Descubre el futuro de las finanzas en América Latina y el Caribe

The future of finance in LatAm & the Caribbean

O futuro das finanças na América Latina e no Caribe

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These are Latin America’s instant payment systems

Feb 13, 2023

By Antony Pinedo

These are Latin America’s instant payment systems

SPEI in Mexico, Pix in Brazil, Transferencias 3.0 in Argentina, Sinpe in Costa Rica and many others… Instant payment systems continue to spread across the region

 

Expediting payment settlement is a shared aim of the region’s central banks and to that end, they’ve thrown their weight behind technological and regulatory efforts to streamline operations in local ecosystems.

Banks and fintechs with a regional focus need to be aware of these instant payment systems in order to develop business models that are sustainable and comply with regulation. Other countries, such as Peru and Colombia, are also developing platforms of their own.

With this in mind, we’ve compiled a run-down of the region’s main electronic instant payment systems.

 

1. Mexico: SPEI – CoDi

Figures from the Bank of Mexico (Banxico) show the growing adoption of its Interbank Electronic Payment System (SPEI). The number of transactions increased by 62% in 2021 compared to the previous year, led by transfers of up to MXN$8,000 (about US$420).

SPEI began operations in August 2004 and today it is used by banks, popular financing companies (sofipos) and licensed fintechs. It’s currently undergoing a series of reforms, in preparation for SPEI 2.0, which will lower thresholds so that non-bank entities can use the system. It’s a development that iupanaPro covers in detail.

Alejandro Pineda, CEO of the BBVA group's LatAm payment aggregator Openpay, described how the immediate system process works when he spoke to iupana in August. ““In Mexico, SPEI works really well. The money arrives via SPEI to the Openpay account, which then makes the reconciliation and settlement for its customers,” he said.

According to the most recent data published by the regulator, SPEI carried out just over 200 million interoperable and free operations in June 2022.

Mexico also has a mobile payment system called CoDi that uses tools such as QR codes, NFC technology, and payment links to speed up transactions and reduce the use of cash. It was introduced in September 2019 and runs on the back of SPEI.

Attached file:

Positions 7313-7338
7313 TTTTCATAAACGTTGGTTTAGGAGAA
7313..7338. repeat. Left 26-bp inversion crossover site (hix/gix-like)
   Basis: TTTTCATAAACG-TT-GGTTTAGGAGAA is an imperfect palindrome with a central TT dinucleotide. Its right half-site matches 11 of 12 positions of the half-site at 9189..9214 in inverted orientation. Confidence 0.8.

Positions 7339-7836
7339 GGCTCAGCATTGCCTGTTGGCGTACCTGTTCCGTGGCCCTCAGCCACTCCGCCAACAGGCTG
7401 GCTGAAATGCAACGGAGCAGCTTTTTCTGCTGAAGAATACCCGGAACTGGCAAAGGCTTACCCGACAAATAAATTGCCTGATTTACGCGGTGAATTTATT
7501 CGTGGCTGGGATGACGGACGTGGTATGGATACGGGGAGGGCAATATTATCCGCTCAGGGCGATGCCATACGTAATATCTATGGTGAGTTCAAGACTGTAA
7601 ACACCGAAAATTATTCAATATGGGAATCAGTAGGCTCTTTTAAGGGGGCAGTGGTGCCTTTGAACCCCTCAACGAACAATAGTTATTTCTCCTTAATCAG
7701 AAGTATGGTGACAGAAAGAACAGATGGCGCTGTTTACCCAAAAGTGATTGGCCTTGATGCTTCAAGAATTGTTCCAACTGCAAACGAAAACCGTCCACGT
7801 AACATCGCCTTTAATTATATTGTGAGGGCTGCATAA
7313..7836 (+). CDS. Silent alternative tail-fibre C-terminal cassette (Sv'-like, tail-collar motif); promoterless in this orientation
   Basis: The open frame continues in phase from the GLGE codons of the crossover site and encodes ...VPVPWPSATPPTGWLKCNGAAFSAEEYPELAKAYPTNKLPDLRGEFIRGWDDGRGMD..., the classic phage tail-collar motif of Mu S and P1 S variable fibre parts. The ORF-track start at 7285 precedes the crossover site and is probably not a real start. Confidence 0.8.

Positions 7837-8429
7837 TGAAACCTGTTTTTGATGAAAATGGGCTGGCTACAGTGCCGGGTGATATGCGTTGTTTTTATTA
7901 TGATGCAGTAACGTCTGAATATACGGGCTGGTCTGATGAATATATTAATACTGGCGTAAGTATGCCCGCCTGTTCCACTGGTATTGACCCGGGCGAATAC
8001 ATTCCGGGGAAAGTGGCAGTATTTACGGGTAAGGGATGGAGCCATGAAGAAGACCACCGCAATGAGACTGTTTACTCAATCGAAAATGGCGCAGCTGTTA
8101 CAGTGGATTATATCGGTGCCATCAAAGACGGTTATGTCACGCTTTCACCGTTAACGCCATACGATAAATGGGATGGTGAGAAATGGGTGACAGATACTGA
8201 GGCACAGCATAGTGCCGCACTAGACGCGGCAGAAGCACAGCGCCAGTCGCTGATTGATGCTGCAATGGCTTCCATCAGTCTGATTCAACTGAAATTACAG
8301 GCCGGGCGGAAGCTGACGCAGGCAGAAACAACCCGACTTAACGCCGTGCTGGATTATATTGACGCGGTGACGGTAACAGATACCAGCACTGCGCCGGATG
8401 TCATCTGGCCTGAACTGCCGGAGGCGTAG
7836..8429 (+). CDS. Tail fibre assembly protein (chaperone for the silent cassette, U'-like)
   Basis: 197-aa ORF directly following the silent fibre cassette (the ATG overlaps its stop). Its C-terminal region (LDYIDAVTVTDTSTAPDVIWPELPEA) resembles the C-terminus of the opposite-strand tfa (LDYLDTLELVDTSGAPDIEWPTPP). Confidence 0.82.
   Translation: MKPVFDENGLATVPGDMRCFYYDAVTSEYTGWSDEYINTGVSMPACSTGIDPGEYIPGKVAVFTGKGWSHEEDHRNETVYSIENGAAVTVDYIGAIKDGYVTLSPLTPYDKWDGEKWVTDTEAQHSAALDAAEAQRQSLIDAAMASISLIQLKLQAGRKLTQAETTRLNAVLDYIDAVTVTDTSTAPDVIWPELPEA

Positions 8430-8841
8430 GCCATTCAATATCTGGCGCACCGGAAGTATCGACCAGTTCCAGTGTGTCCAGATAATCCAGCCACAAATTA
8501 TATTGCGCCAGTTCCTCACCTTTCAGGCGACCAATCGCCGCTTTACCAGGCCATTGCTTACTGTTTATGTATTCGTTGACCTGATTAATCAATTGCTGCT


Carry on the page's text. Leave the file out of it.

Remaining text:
As of January of this year, there were just over 16 million valid accounts registered to use CoDi, but only about 2 million had ever paid or received funds using this system.

CoDi’s low level of adoption is often blamed on its unintuitive user experience (UX) and also to the fact that, in principle, its integration into entities' digital channels wasn’t mandatory initially, though that later changed.

“The integration hasn’t been difficult because it was not a parallel road,” Pineda said when asked about the technological challenges of adding CoDi in bank solutions. “They were simply protocols at the front to generate the QR codes. But once the transaction is set up, it travels through SPEI,” he said.

The system’s progress has been quite uneven compared with similar platforms elsewhere. In Brazil, Pix had been used by 55% of the population as of May 2022, while CoDi had been used by only 8% of Mexico’s population, according to Latinometrics.

 

2. Brazil: Pix

Pix, Brazil’s instant payment system, was launched by the central bank, the BCB, in November 2020. It has become the benchmark for financial regulators in LatAm.

In a country of 214 million people, at least 135 million have used Pix once, according to BCB data as of January this year, an increase of more than 20% compared with the same month last year.

Usage has been driven by the platform’s speed, availability, convenience, and security, as well as support from the local regulator.

An ecosystem has been created around Pix that includes Pix Saque and Pix Troco; the former allows cash withdrawals in stores and the latter allows users to receive their change in cash after making a purchase.

In addition, the roll-out of open finance in Brazil has given rise to institutions that initiate payments with Pix, which is a new model that allows entities to originate and process user payment information.

This means entities can offer other financial products (such as loans) and tailor them to the payment capacity of users. Banks such as Bradesco as well as large fintechs such as Mercado Pago and Magalu have opted for this path.

“We are launching our first open finance initiative as a Pix payment initiator via Kabum!,” which is an online marketplace the retail giant bought in 2021, said Leandro Hespanhol, commercial and new business director at Fintech Magalu, in June.

Hespanhol told iupana at the time that the company plans to leverage its payment institution to provide services to other institutions in the country.

Roberto Campos Neto, the president of the BCB, said in March 2022 that there is a real possibility that Pix will play a role in developing digital currencies and in the exploration of the metaverse.

Campos Neto also said at the end of last year that Pix protocols will be open to make it easier for any regulator to make changes to the system, which may boost the chances of a regional instant payment system materializing.

 

3. Argentina: Transfers 3.0